Vanilla isn't my particular sort of note. However, I give this a good rating due to the care and creativity here. I'm sure that vanilla fans will love this!

    01st February, 2010

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    Lalique pour Homme Equus by Lalique

    I find this to be an improvement over the LpH (Lion’s head) scent. However, it rates a neutral at best for me. There are some attractive elements: juniper and violet leaves add fresh, bright notes to what is a very smooth and fairly rich scent. No complaint with the spices, although they are not distinct enough to identify as specific types. The woods are very good, in particular the cedar/sequoia is well done. My issue with this scent is the sweet musk, which threatens to overpower the proceedings. When that finally burns off several hours later, a great cedar note remains. This is a smooth, rounded scent with no real edges. Many might like it.

    26th January, 2010

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    Knize Ten by Knize

    This is a complex and intriguing scent. The opening is too brief on my skin. It is a short burst of bergamot and pine-like rosemary. The middle has some woody notes but is mostly floral (orris and rose in particular) and spicy. The combination of scents here is a bit soapy (even rubbery) and barbershop-like; it is pleasant in an old-school way. The scents deepen. I wondered if the sweetness would become overwhelming… then it stepped back and a most interesting bitter-aromatic note took over. Perhaps this is due to the castoreum. I like this note, it is beautiful and even haunting. It is a good counterpoint to the sweetness of the amber and vanilla. The overall effect is poised and elegant. The final dry down is old leather and a return of the orris. I’m not a fan of those elements, and yet I enjoy the scent. At this point I can’t say it is bottle-worthy for me, but I certainly find a lot to appreciate.

    14th January, 2010

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    Magnifico I: Mirto Imperiale by I Profumi di Firenze

    Apart from myrtle, I don’t know what fragrance notes are here. Essentially this is a soliflore.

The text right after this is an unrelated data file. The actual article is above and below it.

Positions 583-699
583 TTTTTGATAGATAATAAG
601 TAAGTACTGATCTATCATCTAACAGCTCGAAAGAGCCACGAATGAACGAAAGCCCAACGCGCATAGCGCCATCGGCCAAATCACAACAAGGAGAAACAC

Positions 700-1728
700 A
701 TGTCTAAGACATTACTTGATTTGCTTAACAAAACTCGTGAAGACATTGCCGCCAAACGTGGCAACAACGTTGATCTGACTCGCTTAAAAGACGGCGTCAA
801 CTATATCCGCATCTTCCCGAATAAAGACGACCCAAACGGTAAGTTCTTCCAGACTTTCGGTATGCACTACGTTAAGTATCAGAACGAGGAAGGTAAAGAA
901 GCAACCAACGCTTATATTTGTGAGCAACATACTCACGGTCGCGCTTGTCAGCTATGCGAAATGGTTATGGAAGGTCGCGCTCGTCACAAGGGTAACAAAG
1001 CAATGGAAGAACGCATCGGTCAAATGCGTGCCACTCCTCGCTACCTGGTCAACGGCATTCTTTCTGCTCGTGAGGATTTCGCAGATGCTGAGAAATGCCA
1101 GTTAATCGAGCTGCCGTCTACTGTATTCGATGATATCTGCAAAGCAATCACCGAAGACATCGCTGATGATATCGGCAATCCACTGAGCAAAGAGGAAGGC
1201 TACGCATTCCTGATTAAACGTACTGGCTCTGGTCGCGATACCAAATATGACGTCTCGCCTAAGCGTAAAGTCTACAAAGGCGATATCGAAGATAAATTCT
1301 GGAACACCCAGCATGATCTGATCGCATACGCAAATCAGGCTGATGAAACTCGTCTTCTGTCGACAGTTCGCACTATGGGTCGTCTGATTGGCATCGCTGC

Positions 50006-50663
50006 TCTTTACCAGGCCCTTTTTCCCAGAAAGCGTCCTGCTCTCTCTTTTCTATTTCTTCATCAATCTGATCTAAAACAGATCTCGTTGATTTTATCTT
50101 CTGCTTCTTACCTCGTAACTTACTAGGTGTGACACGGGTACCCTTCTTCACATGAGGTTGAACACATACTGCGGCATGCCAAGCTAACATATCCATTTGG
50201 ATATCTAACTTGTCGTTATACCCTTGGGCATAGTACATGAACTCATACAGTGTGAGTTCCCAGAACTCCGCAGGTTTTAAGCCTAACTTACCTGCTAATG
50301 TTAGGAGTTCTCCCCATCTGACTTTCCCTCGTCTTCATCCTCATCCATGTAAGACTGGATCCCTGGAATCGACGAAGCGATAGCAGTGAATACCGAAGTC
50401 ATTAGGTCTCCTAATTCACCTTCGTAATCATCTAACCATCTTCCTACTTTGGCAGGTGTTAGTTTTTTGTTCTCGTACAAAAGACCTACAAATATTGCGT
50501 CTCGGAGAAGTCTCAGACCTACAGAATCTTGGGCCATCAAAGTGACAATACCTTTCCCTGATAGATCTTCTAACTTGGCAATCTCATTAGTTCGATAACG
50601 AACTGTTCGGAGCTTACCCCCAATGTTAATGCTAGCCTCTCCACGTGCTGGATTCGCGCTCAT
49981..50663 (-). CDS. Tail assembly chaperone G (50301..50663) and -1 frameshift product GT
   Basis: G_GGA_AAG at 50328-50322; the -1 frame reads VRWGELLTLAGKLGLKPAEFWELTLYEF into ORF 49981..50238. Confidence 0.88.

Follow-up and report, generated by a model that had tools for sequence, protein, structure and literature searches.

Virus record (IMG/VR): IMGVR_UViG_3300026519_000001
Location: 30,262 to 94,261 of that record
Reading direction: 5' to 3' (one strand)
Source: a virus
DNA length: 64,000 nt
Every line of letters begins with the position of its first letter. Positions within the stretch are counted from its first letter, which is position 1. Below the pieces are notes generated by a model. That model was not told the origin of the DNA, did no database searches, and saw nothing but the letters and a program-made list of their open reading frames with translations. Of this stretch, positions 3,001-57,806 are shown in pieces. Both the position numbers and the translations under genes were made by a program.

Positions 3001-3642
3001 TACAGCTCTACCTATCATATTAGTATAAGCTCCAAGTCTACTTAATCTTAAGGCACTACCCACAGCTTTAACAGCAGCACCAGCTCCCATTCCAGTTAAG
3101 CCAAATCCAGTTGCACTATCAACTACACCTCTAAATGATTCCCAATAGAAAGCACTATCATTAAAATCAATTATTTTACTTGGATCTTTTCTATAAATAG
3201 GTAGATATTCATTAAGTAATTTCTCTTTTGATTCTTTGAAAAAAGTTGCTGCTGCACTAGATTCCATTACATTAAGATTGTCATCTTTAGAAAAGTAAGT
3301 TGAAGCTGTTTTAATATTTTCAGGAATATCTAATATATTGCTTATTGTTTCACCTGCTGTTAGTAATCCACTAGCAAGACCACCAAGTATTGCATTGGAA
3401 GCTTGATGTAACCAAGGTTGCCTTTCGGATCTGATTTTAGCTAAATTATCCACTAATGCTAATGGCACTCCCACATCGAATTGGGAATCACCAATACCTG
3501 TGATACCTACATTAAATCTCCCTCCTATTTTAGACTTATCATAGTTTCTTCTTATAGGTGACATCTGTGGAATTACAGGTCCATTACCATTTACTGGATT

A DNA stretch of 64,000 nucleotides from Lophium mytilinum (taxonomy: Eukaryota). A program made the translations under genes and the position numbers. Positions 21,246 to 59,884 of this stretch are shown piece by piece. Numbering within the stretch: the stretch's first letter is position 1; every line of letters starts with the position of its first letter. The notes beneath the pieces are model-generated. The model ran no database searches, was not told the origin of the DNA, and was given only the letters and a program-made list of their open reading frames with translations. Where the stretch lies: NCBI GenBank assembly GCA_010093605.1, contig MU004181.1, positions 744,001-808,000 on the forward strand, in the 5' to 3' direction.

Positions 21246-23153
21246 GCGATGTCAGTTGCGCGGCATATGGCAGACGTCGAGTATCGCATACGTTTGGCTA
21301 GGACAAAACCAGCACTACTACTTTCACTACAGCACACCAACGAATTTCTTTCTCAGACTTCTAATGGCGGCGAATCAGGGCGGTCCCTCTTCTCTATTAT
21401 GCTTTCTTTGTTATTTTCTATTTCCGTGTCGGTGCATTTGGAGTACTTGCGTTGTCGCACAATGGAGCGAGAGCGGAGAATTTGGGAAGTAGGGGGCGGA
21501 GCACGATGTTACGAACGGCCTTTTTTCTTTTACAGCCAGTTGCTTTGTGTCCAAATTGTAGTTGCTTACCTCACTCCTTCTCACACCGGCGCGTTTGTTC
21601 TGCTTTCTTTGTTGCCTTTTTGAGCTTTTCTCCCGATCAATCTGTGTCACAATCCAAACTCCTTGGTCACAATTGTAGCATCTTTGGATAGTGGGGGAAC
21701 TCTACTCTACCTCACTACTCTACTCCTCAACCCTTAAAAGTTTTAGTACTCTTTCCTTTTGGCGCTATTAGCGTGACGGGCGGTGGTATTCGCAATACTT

It starts off green, aromatic, fresh and invigorating; and it at this point it is a classically Mediterranean masculine sort of scent. Since it is an EDP it is powerful and has good longevity. It becomes more aromatic and develops a powerful (and pleasant) soapy note. Myrtle essential oil is reported to have a spicy, nutmeg-like quality; and I do get a bit of a spicy aspect here. If you like a very distinctive, fresh, substantial, green and soapy scent then you will enjoy this – as I do.

    18th December, 2009 (Last Edited: 16th February, 2010)

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    Polo by Ralph Lauren

    First of all – the juice is green! A pale, blue-green colour (this is not apparent unless you have a decant, since the glass bottle is an emerald green colour). I wonder why they bother to colour the liquid.
    The list of notes is complex. In theory, it should start with a pine-y, coniferous opening, supported by herbal-green notes. The herbals should continue into the mid, augmented by spices and florals. The base looks old-school, with all the heavy-hitters of the era. Here is how it performed on me:
    The opening is big, zippy and aromatic. There are green notes, in particular a gin-like juniper and a dark green absinthe/artemesia note. I also get spices at this early stage. Don’t get any pine. Very quickly, a patchouli-leather note takes over. It is tangy, and a bit sweet (but not bad). A nice hay-like smell of pipe tobacco settles in, perhaps due to some coumarin. It remains that way into the dry-down, perhaps with the faintest of resinous frankincense lurking at the edge and a slight and pleasant soapy quality from the oakmoss.
    This is not a bad scent, and I like it more than I thought I would. I regret the short-lived green notes and (for me) the non-existent pine notes. I’m not a fan of patchouli, but if this scent is applied in small doses the patchouli doesn’t become obnoxious. I’ll give it a thumbs-up for the interesting ingredients.

    16th December, 2009

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    Cuir Mauresque by Serge Lutens Les Salons du Palais Royal Shiseido

    For a while, I could find things to appreciate in this scent. As it dried down, it turned into a scrubber.
    The opening is sweet and aromatic, and rather interesting. The aldehyde florals were very bright and zippy. Spices (cloves and cinnamon particularly) and some woods were good. There was also a bright metallic note: at first I thought it was violet leaf, but some have suggested aloe wood (oud) and it may be that. The combo of all of these was smooth. It was a round, opulent scent but not problematic. It was more floral and sweet than I like, but I found it interesting. Then cumin, something like indolic iris, and leather emerged. These got oppressive and rather fusty. I got the image of a very aged and somewhat eccentric aunt, wearing loads of makeup and too much scent. Exit, stage left, scrubbing all the way.

    13th December, 2009

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    Pancaldi by Hanorah

    Overall, this is a nice scent. I’m not a fan of patchouli, but although it is present here I think it is used with restraint.
    This starts with a beautiful citrus-green note. It quickly morphs into a slightly soapy and spicy chord. Cloves are the dominant spice, giving this an old-school barbershop character. Dusky green notes lurk at the edges. Moss and leathery notes start to appear. The patchouli hints at salt, leather, and tangy leaves. The dry-down is an aromatic, slightly acidic blend of patchouli and herbals.
    I’m slightly more than neutral on this. I think it is well-made and classy in its late 80’s way. So the thumb points up – although I don’t think I’d seek it out for myself.

    09th December, 2009